- DWR and Project WET offering workshops for Teachers to Learn About Climate Change
- Humboldt County’s Copper Bluff Mine Proposed for Superfund Program’s National Priorities List
- Metropolitan to Supply Water to Sycuan Tribe’s Unannexed Area of San Diego Reservation
- Reclamation schedules public input meetings on proposed new fee program at Lake Berryessa
- Public Water Bottle Filling Station Grant Funding available in West Basin Municipal Water District
New outlet valve purchased by Nevada Irrigation District for Rollins Lake after DSOD inspections
The Board of Directors for the Nevada Irrigation District, based in Grass Valley, has approved the purchase of a new outlet valve and support structure to replace an aging outlet valve at Rollins Lake in Nevada County. The board’s decision comes on the heels of attempts to repair the existing valve which was unable to be opened fully.
According to NID, the outlet valve serves as a backup and is not used as part of normal operations. The district has likened the valve to a plug on the bottom of the bathtub used to drain the tub.
When NID needs to manage reservoir water levels, it does so through its power plant and a spillway “designed to pass the most severe flood that is reasonably possible based on meteorological and hydrologic conditions in the watershed,” said Keane Sommers, NID’s hydroelectric manager.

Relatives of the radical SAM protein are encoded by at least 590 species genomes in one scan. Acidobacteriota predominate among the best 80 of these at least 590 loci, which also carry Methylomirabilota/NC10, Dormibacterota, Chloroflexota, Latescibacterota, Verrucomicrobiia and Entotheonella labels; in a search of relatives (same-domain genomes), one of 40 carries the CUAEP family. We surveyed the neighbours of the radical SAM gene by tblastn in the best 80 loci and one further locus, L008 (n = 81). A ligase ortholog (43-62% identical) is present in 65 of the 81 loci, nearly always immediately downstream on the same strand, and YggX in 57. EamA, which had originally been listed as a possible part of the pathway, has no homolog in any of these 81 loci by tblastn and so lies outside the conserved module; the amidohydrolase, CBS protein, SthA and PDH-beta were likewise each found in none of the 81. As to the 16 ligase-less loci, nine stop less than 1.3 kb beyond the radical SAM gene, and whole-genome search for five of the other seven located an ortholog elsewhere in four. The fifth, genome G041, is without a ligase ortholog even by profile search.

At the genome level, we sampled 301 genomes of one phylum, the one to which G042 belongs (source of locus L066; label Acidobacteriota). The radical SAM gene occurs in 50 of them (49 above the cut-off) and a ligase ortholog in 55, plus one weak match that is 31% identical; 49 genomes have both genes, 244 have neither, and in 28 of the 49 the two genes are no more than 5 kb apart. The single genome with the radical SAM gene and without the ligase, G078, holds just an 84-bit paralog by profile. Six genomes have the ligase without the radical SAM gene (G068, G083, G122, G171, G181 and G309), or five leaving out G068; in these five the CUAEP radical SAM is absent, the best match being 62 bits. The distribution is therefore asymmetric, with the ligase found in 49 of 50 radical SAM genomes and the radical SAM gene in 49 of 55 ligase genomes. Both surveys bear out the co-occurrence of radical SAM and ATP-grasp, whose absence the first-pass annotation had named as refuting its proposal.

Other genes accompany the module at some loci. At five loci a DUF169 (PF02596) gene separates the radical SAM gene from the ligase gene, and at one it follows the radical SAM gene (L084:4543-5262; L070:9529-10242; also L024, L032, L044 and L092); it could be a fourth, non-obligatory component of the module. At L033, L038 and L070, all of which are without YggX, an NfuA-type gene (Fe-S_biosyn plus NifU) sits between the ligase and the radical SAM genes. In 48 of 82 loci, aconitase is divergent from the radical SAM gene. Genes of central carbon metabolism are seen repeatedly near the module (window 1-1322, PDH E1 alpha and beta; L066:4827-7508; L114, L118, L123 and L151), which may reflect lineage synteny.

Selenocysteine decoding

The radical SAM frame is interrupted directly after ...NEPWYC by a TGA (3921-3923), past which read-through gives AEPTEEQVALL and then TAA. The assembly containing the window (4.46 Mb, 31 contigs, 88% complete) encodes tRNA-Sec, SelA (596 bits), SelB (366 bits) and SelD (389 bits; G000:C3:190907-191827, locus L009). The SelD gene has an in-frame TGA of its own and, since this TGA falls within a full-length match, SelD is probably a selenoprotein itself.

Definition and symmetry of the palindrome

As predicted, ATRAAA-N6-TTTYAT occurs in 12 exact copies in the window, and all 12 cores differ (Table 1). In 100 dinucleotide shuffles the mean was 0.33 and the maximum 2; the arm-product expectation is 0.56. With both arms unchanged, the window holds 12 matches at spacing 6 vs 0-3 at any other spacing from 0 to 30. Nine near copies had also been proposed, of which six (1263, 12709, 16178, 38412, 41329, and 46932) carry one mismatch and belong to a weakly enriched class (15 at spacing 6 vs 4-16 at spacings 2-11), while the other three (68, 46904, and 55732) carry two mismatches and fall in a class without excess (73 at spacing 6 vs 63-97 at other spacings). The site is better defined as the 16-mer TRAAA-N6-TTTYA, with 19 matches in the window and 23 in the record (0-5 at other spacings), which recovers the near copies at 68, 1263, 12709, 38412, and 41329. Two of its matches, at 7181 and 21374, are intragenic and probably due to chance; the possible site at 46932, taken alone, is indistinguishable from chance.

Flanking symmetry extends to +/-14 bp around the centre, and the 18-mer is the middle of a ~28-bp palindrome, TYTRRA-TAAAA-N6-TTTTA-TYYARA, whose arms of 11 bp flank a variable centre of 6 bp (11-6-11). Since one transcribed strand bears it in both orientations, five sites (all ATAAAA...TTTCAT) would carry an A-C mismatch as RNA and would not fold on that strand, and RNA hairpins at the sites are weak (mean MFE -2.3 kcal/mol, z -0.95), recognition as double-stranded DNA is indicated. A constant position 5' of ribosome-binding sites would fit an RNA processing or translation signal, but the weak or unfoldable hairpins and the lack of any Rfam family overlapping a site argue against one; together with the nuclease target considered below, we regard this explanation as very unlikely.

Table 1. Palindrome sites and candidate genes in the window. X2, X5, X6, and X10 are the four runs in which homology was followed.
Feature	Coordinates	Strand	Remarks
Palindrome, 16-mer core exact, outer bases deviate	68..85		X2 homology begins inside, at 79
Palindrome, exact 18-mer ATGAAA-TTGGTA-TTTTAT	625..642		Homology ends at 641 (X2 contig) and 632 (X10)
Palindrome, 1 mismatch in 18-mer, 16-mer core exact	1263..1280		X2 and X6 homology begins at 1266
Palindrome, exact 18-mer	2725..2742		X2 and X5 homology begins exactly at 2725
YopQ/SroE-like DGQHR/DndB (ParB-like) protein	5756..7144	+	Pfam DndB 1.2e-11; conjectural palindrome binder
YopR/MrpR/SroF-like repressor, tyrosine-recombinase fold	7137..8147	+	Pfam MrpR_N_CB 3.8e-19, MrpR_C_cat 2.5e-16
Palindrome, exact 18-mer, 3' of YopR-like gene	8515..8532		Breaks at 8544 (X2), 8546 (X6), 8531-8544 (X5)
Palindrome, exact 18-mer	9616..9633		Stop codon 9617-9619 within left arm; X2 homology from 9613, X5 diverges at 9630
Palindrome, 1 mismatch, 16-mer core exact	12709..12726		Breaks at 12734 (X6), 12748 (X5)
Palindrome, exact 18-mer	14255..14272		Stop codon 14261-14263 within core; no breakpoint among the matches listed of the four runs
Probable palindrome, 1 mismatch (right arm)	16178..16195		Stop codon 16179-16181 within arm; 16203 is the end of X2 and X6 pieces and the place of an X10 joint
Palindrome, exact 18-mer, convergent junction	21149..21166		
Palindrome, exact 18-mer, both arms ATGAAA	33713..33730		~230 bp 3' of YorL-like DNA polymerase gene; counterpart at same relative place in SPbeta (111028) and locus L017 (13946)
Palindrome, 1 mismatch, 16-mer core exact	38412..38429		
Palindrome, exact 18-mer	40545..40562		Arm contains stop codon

According to The Union newspaper, an annual maintenance inspection at Rollins Lake in Sept 2014 by the California Division of Safety of Dams (DSOD) found that “…NID was unable to fully open and close two of the dam’s outlet valves.” A subsequent inspection later that year by DSOD found one of the valves was working properly.
In spite of significant maintenance work on the second valve it was concluded that the valve should be replaced. A January DSOD inspection report stated the outlet valve “still cannot be fully operated” due to corrosion.
The new valve is currently being designed and manufactured with installation scheduled for the winter of 2018-2019. It will be built with stainless steel to reduce corrosion and will include modern controls and redundant operating systems to ensure the dam continues to be safe for years to come. Cost for the new system will be nearly $470,000.
The DSOD January report also indicated that the safety of the dam was not in question. According to the report, “From the known information and visual inspection, the dam, reservoir, and all appurtenances are judged safe for continued use.”
In addition to the dam at Rollins Lake, NID owns and operates 14 other dams under the jurisdiction of California Division of Safety of Dams and 13 under the authority of Federal Energy Regulatory Commission (FERC). Both DSOD and FERC conduct annual inspections of their dams while NID performs weekly and monthly inspections of its dams.